Real Estate

Plan ahead for winter garden

Visit gardens for ideas, prep your soil and watch your winter yard flourish

Thinking daily about your garden really helps in planning for this coming season. I like to visit nurseries, public gardens, arboretum's and private gardens. It makes putting together a plant list and a list of chores much easier.

In this column, I'm going to give several lists of plants to consider. You can look them up in your garden book and online.

Now's the time to shop for and plant winter vegetables like kale, spinach, lettuce, Swiss chard, beets, cauliflower, broccoli and onions.

Bulbs to plant are daffodils, tulips, crocus, Muscari, iris, snowdrops, anemone, ranunculus, lily and starflower.

Herbs to plant are sage, rosemary, oregano, basil, thyme, mint, fennel, lemon balm, chives, dill, tarragon, lemongrass, coriander, chamomile and watercress.

If you want fall color, plant aster, chrysanthemum, coreopsis, day lily, gillardia, gaura, Japanese anemone, lavatera, nemesia, rudbeckia, Russian sage, culinary sage and verbena.

If you need ideas, visit a community garden near you. My favorite at the moment is the Sunnyvale Community Garden at Mathilda Avenue and El Camino Real behind the library. It's one of the best community gardens I've ever seen. Mature trees include kiwi, pomegranate, citrus and avocado and all have fruit.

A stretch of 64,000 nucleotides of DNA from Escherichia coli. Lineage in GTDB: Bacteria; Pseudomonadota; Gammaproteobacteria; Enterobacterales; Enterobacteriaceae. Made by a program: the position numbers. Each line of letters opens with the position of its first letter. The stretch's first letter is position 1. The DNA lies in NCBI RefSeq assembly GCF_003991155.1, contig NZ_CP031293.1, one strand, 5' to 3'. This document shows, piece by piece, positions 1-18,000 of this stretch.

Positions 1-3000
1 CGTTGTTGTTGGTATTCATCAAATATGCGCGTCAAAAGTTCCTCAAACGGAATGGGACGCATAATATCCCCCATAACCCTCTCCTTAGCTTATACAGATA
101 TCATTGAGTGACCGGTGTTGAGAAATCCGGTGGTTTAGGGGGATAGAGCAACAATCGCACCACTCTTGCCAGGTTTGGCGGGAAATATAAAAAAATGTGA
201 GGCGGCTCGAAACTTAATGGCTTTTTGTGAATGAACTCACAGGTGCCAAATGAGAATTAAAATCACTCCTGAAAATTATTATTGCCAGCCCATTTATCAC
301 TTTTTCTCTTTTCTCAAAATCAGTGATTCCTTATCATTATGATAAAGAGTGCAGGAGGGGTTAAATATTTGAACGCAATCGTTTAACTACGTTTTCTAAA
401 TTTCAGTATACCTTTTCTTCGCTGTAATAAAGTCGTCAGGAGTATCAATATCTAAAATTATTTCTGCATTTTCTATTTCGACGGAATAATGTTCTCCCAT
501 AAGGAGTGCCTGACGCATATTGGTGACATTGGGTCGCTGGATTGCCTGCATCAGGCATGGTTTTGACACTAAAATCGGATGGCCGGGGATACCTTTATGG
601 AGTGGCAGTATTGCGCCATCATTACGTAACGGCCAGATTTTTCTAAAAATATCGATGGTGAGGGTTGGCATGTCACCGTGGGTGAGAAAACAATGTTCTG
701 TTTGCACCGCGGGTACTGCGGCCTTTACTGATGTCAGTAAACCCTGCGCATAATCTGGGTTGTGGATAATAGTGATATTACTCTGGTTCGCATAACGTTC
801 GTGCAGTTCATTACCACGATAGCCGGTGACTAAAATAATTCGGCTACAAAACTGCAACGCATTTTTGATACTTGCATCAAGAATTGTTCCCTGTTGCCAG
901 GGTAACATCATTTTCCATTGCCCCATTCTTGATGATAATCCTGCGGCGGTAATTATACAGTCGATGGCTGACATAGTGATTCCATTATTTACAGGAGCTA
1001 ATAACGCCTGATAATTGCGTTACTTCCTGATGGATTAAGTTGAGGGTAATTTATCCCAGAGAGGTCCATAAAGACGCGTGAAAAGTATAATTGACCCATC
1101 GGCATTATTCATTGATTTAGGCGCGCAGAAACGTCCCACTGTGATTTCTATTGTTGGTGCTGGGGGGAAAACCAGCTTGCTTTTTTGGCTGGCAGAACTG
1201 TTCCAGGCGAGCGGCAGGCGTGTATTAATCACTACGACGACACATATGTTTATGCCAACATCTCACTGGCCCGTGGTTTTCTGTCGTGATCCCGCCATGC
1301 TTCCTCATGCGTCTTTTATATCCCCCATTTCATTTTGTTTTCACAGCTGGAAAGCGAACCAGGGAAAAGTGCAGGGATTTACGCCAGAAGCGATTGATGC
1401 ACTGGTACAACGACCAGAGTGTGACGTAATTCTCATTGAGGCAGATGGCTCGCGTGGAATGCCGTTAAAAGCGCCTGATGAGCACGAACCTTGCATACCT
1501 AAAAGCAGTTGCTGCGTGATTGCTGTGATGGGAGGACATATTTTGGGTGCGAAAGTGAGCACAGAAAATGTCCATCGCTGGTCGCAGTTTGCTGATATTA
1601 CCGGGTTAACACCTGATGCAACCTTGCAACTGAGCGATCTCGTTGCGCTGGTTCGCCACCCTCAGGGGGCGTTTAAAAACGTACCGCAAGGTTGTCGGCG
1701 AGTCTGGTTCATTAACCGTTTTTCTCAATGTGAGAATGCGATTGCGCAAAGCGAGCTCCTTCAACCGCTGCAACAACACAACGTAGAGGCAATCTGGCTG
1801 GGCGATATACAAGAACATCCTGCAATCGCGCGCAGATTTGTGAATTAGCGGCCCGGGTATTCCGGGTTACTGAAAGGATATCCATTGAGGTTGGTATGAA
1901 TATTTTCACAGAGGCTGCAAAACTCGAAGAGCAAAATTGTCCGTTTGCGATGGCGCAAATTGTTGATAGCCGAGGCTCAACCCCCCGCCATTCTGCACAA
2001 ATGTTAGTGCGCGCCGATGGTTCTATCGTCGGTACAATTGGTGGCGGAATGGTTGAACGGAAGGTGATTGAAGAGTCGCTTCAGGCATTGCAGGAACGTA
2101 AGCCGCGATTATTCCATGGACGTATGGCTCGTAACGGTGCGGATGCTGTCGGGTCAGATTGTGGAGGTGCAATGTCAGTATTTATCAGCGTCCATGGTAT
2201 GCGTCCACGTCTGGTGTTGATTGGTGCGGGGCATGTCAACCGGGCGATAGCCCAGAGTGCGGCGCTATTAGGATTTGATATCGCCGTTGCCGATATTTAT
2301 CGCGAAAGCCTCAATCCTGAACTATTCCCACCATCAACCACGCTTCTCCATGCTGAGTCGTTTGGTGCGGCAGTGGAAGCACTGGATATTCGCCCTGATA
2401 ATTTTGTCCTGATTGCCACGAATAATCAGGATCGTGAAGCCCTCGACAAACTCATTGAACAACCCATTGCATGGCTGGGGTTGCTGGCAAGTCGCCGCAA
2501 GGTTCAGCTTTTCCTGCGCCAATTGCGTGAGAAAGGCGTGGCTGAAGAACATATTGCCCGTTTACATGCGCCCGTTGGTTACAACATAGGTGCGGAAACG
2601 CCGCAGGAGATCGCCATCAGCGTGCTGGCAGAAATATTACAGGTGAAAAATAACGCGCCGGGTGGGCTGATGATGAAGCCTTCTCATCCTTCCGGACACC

This is also a good time to replant containers, planting boxes, and hanging baskets. Start by refreshing or replacing all the soil. Plant with winter vegetables and flowers including those listed above for a good show this fall.

Besides planting, this is the time for cleanup and soil preparation, so get out there and get to work adding soil amendments, fertilizer and mulch as well as lawn renovation including de-thatching, plugging, reseeding and top dressing.

If you have artificial turf, wash it, scrub it, vacuum it or whatever you do. If you wait until it rains it will percolate all that hair and dust down into the bedding material.

Think about decorating for holidays like Halloween and Thanksgiving. Plan plantings, lights and decorations including a fun element or two to celebrate both holidays at the same time. I particularly like scarecrows. You could even have a block scarecrow competition.

This is a good time to share food with others. Cook up what you harvested. Make squash soup and stuffed zucchini to compliment what ever goes on the grill. Be sure to share treasures from your vegetable garden, especially homegrown tomatoes.

Jack McKinnon is a Garden Coach. He can be reached at 650-455-0687. Email to or check out the website

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